Bishop's Blog / 54-Day Rosary Novena for Teaching the Catholic Faith

By Joseph Strickland
Thursday, July 06, 2017

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I recently outlined in my Constitution for Teaching the Catholic Faith a bold new vision for catechesis and evangelization in the Diocese of Tyler. My earnest hope is that we as a Diocese more boldly and effectively proclaim our faith in Jesus Christ and in the teachings of his Church. But for our efforts to bear fruit we must begin with prayer. Therefore, I invite all the people of the diocese to join me in praying a 54-Day Rosary Novena, beginning on August 15, the Feast of the Assumption, and ending on October 7, the Feast of the Holy Rosary, asking our Lady’s intercession for the Diocese of Tyler to become an outstanding teaching diocese in the service of the Lord.

Even if you’ve never prayed a Novena, even if you’ve never prayed the Rosary or don’t even own one, don’t worry. On the facing page are instructions and a printed Rosary you can use to get started. On the back page is a calendar to follow. As a family, we can do this!

The term “novena” comes from the Latin word for nine (novem) and consists of set prayers offered every day for nine consecutive days for a specific intention. Praying a novena is a devotional practice with a long history in the Church. Many believe that it is patterned after the nine days of sustained prayer made by the apostles, Mary, and the holy women in the upper room in Jerusalem, before experiencing on the tenth day the powerful outpouring of the Holy Spirit at Pentecost: All these devoted themselves with one accord to prayer, together with some women, and Mary the mother of Jesus, and his brothers (Acts 1:14). Christ himself praises persistent prayer because it is a sign of our faith in the goodness of God who provides for all our needs: And I tell you, ask and you will receive; seek and you will find; knock and the door will be opened to you (Luke 11:9).

While most novenas last nine days, the 54-Day Rosary Novena consists of praying three novenas of the daily Rosary in petition for the first 27 days, followed immediately by praying three novenas of the daily Rosary in thanksgiving during the second 27 days, for a grand total of six Rosary novenas over the course of 54 days. The 54-Day Rosary Novena is sometimes called “miraculous” because so often God rewards the faithfulness of its devotees with remarkable results. The 54-Day Rosary Novena originates in 1884 with a young Italian girl named Fortuna Agrelli who suffered an incurable disease that her doctors said was a hopeless case. Fortuna and her family in their desperation began to pray a novena of Rosaries to Our Lady of Pompeii for her healing. Our Lady appeared to Fortuna, told her she was the Queen of the Most Holy Rosary, and asked her to pray three Rosary novenas of petition and three Rosary novenas in thanksgiving for her healing. Fortuna and her family followed our Lady’s instructions, and she was miraculously cured. From there the devotion of praying the 54-Day Rosary Novena for an outpouring of special graces spread throughout the world. We need those kinds of graces here in the Diocese of Tyler!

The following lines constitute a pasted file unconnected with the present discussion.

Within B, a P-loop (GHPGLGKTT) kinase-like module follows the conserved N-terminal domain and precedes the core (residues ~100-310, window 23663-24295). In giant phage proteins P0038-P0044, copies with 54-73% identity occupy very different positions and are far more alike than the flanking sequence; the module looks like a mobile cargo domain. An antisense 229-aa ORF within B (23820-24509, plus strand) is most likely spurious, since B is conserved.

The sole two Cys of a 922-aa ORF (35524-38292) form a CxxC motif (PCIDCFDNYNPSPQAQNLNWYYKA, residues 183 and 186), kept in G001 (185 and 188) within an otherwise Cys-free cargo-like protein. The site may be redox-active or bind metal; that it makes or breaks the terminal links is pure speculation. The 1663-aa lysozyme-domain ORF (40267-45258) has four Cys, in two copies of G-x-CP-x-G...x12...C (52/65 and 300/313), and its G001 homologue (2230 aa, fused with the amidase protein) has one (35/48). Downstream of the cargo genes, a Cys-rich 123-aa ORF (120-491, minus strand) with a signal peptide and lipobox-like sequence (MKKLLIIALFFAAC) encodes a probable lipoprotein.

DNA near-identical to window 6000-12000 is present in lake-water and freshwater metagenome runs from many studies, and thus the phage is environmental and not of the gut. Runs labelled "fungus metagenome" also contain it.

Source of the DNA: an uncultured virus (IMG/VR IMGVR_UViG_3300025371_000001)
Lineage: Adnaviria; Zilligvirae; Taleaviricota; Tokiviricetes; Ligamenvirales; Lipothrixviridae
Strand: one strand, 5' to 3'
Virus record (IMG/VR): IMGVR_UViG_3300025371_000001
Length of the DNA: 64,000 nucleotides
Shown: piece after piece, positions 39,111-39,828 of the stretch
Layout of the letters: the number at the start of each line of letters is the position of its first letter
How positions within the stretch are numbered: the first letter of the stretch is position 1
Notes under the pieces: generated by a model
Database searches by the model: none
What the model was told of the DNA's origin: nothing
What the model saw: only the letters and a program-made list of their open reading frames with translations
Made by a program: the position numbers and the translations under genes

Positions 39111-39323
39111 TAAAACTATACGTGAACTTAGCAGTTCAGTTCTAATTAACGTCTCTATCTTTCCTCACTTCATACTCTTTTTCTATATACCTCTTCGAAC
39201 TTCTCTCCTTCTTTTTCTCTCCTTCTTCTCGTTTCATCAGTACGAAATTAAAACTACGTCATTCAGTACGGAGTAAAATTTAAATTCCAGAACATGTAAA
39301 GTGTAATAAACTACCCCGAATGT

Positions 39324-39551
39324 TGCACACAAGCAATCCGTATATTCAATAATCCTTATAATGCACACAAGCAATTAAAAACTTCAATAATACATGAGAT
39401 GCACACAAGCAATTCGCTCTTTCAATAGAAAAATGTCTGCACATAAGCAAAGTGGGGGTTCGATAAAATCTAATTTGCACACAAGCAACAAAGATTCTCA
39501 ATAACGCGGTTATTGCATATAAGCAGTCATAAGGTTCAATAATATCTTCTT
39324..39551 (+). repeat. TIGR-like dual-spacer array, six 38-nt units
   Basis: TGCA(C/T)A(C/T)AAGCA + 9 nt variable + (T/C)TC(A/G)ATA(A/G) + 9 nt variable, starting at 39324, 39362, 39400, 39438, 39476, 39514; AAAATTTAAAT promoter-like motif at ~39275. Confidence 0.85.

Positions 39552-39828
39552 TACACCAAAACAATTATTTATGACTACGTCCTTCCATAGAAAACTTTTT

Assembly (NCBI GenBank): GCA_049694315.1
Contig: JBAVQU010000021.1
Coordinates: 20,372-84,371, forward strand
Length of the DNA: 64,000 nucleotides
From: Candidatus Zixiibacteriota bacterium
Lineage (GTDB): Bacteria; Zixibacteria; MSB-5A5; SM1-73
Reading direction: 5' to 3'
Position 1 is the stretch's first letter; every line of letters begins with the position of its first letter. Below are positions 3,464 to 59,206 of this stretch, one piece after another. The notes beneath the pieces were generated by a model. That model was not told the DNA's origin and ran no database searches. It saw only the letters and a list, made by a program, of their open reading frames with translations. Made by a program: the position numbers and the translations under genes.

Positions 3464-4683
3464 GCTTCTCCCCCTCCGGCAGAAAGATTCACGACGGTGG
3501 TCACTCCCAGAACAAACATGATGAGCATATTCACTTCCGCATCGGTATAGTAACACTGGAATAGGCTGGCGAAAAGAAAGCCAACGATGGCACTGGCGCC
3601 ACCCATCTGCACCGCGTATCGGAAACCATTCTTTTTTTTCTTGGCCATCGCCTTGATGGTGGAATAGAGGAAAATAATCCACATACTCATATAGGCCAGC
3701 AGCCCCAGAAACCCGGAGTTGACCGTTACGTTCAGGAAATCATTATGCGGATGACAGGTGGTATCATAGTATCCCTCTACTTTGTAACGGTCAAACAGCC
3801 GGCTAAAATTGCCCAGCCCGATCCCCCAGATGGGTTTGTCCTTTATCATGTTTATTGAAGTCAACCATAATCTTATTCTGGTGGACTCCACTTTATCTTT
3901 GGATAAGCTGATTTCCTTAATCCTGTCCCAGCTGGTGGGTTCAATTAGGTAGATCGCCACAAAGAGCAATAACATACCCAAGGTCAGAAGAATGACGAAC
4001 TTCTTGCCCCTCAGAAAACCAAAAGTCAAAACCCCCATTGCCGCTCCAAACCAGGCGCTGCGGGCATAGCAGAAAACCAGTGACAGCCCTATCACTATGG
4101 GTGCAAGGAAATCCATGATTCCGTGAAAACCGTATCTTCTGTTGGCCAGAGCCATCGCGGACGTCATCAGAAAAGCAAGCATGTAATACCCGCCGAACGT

I am filled with gratitude for all your prayers, support, and good works in our wonderful Diocese. I also thank you for making a commitment to join me in praying this 54-Day Rosary Novena for an outpouring of grace upon our Diocese to become an outstanding teaching diocese in service to the Lord. I cannot wait to see the tremendous graces God will surely pour out upon our Diocese through Our Lady’s intercession!

May the Blessed, Ever-Virgin Mother of God, the patroness of this Diocese under her title of Immaculate Conception, support us with her maternal strength and protection as we pray this 54-Day Rosary Novena, and may God bless the Diocese of Tyler as we bring the Light of Jesus Christ to all.

Joseph Strickland

Bishop Joseph E. Strickland was named the fourth bishop of Tyler in September of 2012 by Pope Benedict XVI. Prior to being named bishop, he served a number of roles in the diocese, including vicar general, judicial vicar, and pastor of the Cathedral parish. He was ordained to the priesthood in 1985.
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